We were privileged to attend private school for the majority of our lives, where we grew in our spiritual faith and met people who would serve as a positive influence in our lives. Each year we are committed to going on a family trip. I’ve been extremely lucky to explore different cities, states, countries, and continents all around the world. I love travelling, hiking, going to concerts, shopping, interior design (DIY projects), hanging out with friends, blogging, and fitness. I’m currently in college where I am double majoring in Business Marketing and Public Relations, and have made the Dean’s List two years in a row. I plan on either becoming a wedding planner who focuses on destination weddings or being heavily involved in corporate event planning/sports entertainment.
We live in America, where dreams come true. If you’re scared of adoption, don’t be. I wouldn’t be the person who I am today, if it weren’t for the greatness of God, my family, and Great Wall China Adoption. Family doesn’t necessarily mean you’re related by blood. The people who will love you on your best days and even more on your worst days are considered family to me. My parents have hearts of gold, and will forever be my heroes. I know that whatever obstacles life throws my way that my parents will be there to support my brother and I, and they’ll have our backs like no one else. I’ll forever be grateful for my parents pushing us to be the best we can be, and teaching us to live a Christ like life every day. They truly inspire me like no one else I have ever met, and have taught me to stay true to who I am no matter what. I’m a strong believer that even though life can seem scary and unpredictable, everything happens for a reason. God has a journey for each and every one of us, so trust that he will guide you to the path you’re meant to be on. For my parents, their paths sent them across the globe, to find what they were yearning for, which was a family.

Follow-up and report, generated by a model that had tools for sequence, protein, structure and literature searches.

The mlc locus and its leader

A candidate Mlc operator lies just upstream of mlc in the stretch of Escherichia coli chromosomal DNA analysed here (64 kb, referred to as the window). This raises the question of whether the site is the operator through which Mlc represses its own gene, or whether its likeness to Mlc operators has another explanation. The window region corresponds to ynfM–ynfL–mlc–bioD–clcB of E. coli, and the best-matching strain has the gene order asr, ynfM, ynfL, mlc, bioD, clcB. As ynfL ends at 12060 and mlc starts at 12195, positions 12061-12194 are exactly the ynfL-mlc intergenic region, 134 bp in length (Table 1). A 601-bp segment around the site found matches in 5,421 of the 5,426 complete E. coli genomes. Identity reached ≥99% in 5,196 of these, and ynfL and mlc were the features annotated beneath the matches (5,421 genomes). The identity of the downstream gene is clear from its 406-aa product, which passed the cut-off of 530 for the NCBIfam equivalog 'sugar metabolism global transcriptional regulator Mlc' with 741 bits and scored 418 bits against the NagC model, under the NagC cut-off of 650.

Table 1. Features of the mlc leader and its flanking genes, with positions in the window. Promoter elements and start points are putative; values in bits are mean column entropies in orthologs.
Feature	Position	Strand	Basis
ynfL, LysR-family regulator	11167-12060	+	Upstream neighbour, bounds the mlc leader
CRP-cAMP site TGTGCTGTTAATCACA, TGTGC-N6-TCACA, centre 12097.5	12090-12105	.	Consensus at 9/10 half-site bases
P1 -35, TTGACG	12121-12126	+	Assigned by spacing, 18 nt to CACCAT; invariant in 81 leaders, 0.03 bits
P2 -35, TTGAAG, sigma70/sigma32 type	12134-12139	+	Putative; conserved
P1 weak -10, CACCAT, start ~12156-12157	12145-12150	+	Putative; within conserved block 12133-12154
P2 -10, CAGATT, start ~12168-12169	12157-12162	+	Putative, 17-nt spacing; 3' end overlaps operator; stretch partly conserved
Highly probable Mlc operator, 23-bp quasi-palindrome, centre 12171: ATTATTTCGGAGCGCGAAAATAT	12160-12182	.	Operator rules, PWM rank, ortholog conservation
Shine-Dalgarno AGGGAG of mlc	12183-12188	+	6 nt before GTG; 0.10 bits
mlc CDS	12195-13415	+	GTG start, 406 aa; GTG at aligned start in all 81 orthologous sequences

People ask me all of the time if I would want to meet my biological parents, and my response is always the same. The people who’ve raised me since I was ten months old are my parents, they’re all I’ve ever known, and having them in my life is all I really need. I wouldn’t trade them for the world, and will forever appreciate everything they’ve done for our family. Thank you to God, Snow Wu, my parents, mentors, and my lifelong friendships I’ve established in America. I hope someday I can leave an imprint on somebody else’s life like they have all made on mine.
If you’re interested in learning how you can begin your journey with GWCA’s China adoption program, contact our matching specialists or visit our Waiting Child photo listing today!